Supporters of National Front leader Marine Le Pen cheer at l’Espace François Mitterrand on April 23, 2017 in Hénin-Beaumont, France. According to projected results, “En Marche” candidate Emmanuel Macron received the most votes in Sunday’s presidential election with Le Pen in second, meaning the two will compete in a runoff on May 7. Jeff J Mitchell/Getty Images
This is more difficult to do than it sounds because the media’s narrative about Le Pen’s rise has been hysterical. The next two weeks will feature more of the same: articles decrying the potential end of Western civilization, the rise of fascism, and the potential unleashing of the horrors of Europe’s past across the Continent once more. Many who never much cared about France will spontaneously generate opinions about how the West’s hopes now rest on Macron’s shoulders. If Le Pen wins, it will be the French Devolution. If she loses, complacency will set in, and Macron the empty suit will take up residence at the Palais de l’Élysée. He will continue status quo policies that in five years will bring us right back to where we started – or perhaps worse.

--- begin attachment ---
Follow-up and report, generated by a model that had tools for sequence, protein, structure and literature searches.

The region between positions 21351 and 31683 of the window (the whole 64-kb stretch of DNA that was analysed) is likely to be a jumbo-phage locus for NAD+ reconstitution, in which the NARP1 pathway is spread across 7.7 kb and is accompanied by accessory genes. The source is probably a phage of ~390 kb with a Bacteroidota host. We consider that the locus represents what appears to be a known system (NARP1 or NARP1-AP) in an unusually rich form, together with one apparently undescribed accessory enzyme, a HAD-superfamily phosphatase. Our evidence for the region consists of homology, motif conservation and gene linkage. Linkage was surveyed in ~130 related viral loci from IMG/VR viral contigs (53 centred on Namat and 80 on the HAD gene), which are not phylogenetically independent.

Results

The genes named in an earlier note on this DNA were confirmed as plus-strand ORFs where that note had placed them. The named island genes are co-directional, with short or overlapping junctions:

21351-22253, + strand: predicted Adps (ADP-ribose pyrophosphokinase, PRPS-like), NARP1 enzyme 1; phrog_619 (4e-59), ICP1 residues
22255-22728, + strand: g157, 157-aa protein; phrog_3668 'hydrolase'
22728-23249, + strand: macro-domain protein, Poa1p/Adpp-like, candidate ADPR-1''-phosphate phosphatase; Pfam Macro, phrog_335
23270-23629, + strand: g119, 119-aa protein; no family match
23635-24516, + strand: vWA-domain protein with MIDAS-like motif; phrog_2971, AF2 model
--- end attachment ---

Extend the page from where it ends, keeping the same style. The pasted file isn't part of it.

The key questions no one is asking are: Why did Le Pen oversee the expulsion of her father from the National Front, and why has she worked so hard to exorcise the party’s most radical positions? Stated differently, does Le Pen control her constituents, or do her constituents control her? The answer to this question is important because it is the difference between the National Front being a reanimation of the worst of 20th century European history and a 21st century political party attempting to respond to economic, political and security challenges while still operating within the framework of liberal democratic norms. If the masses control Le Pen, we’re back in the 20th century. If Le Pen controls the masses, we’re still in our own century.